Here’s the big one: You subsidize us. You already know this, of course. We’re the ones who tend not to think of our relationship that way. We like to think we’re strong, independent, self-sufficient people, but the reality is that we in rural Virginia are wards of the state. You in Northern Virginia pay most of your school expenses on your own. Out here, most of our school budgets come from the state government. In Arlington, local taxpayers pay $17,193 per student; the state only chips in $1,676. That local contribution alone in Arlington is nearly twice as much as the total amount of money spent per student in Norton — after you’ve added in all the local, state and federal money ($9,219).
Sometimes we hear politicians from Northern Virginia ask: Don’t you care about your kids? Why don’t you spend more money on your schools like we do? Umm, we don’t have it. You live in not just the wealthiest part of the state but one of the wealthiest in the country. In fact, the U.S. Census Bureau says that Loudoun County has the highest median household income of any county in the country — $139,915. Arlington and Farifax aren’t far behind at $122,394 and $122,227. Meanwhile, in Buchanan County, the median household income is $29,679. In Grayson County, it’s $29,942. Need we go on?
This is why you have shiny new schools while we have old ones with roofs that leak and electrical systems that can’t always handle the power surge required for new technologies. In the 1940s, it was a liberal Democrat from Northern Virginia — Francis Pickens Miller — who championed state spending on new schools. Will you? If so, you can join forces with a conservative from rural Virginia — state Sen. Bill Stanley, R-Franklin County, who has waged a lonely battle so far for school construction funds that both parties have pointedly ignored. Some of the stereotypes about this part of the state are probably true, but others aren’t. Does it surprise you that we have Republicans from coal counties pushing renewable energy? We do, because they understand that’s essential to attract technology companies. Who was most excited that Arlington won the bid for Amazon? Rural Virginia was, because, frankly, we’re hoping to pick up some of your crumbs. These are everyday realities in many rural communities.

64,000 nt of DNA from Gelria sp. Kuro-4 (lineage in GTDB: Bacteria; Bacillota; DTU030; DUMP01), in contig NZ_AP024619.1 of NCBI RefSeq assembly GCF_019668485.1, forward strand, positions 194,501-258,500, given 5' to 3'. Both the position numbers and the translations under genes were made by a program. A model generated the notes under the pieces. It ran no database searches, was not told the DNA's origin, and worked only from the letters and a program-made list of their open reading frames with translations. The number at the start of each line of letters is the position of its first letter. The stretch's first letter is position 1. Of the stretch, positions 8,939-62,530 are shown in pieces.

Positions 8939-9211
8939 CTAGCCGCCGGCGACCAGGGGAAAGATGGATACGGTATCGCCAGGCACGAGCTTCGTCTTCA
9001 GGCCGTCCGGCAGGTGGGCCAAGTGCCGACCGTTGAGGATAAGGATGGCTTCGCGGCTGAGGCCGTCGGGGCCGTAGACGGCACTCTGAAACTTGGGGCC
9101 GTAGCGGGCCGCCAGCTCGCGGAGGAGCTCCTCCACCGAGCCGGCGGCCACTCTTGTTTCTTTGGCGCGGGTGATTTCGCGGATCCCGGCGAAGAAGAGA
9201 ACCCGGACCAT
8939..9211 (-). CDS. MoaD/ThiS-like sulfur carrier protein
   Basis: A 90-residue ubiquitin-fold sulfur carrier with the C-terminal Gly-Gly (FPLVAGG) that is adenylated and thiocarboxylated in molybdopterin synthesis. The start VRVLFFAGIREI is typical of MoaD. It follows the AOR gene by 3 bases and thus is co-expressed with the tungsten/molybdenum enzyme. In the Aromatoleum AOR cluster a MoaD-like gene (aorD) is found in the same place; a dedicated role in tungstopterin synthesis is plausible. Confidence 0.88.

“Privilege” is a word we hear used a lot these days, typically from those on the left, used in social contexts such as “white privilege” or “male privilege” or some other sort of privilege. All those things are true to varying degrees, of course. But here’s another truth: In the context of Virginia, it’s you in Northern Virginia who have the privilege — the privilege of wealth, the privilege of education, the privilege of economic opportunity, the privilege of not watching your sons and daughters move away because there are no jobs for them. And now you have the privilege of political power. We hope you use it wisely. And we hope you use some of it to help parts of the state that didn’t elect any of you.